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Five Outdoor Fire Safety Tips to Follow This Summer


Unlike its cold counterpart, summer is the season of shedding the confines of your home to enjoy the world beyond your front door. Part of doing so means hanging out with friends around a flaming blaze of glory in the great outdoors.

There are many reasons to build a fire outside: It powers your barbeque grill, it warms your outdoor fire pits, it is the essence of a bond fire, and it provides the perfect setting to tell scary stories while out camping in the wilderness.

Regardless of what brought you outside to stoke up a fire, it’s critical that you follow these important outdoor fire safety tips...

1. Avoid Building a Fire on Extremely Windy Days

Any fire needs oxygen in order to survive; this is a common fact. When the air around a fire begins to pick up speed, however, a gentle flame can quickly turn into an erupting inferno, twisting and growing into something much larger and much too wild to control. As a result, you should only burn an outdoor fire on days where the air is calm.

2. Be Cautious of Drought Season

Summers in St. Louis are notorious for causing periods of droughts. During these times, it is best to avoid burning a fire altogether. If you must, though, remain hyper-vigilant of your outdoor burning area. Make sure your grill or pit is as far away from dried grass and leaves as possible, and monitor the flame constantly.

3. Choose the Right Lighter Fluid

Depending on the type of fire you are building and the materials you are using to get the job done, most fires can begin with just a match and some kindling. If you must use a fire accelerant, make sure you use only certified lighter fluid. Never use other flammable substances, like gasoline or kerosene, to get your fire going.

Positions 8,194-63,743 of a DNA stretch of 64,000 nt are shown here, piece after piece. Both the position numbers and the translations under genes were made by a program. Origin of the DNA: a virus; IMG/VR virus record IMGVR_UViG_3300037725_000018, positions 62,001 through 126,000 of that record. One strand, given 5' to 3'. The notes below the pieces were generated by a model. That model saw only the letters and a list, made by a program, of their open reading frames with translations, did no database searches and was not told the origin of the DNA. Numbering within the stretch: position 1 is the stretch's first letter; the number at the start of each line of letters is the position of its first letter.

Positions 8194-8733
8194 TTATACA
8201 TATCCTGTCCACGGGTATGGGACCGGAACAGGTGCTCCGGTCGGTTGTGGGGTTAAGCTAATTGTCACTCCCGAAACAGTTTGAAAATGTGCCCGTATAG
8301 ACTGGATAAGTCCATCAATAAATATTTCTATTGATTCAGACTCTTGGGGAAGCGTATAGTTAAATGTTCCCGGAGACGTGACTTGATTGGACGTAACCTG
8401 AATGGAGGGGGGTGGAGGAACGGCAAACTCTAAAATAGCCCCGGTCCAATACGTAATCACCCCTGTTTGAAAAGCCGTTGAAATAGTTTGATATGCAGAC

4. Stay in Control of the Fire

Although this one may seem like a given, it’s important to remember how devastating a simple campfire can become. To ensure you are always in control, actively avoid putting too many logs on your fire, over-doing the lighter fluid, and above all else, never leave your fire unattended.

5. Always Have a Gallon of Water Nearby

Throughout the season, there may be times when your outdoor fire doesn’t behave as intended: it may become too large or blow in the wrong direction, instantly transforming a relaxing evening into a war zone of devastation.

Because these moments are unpredictable, you should always keep at least one gallon of water near your outdoor fire. This way, you can quickly extinguish the blaze – or at least gain control of it – if it gets out of hand.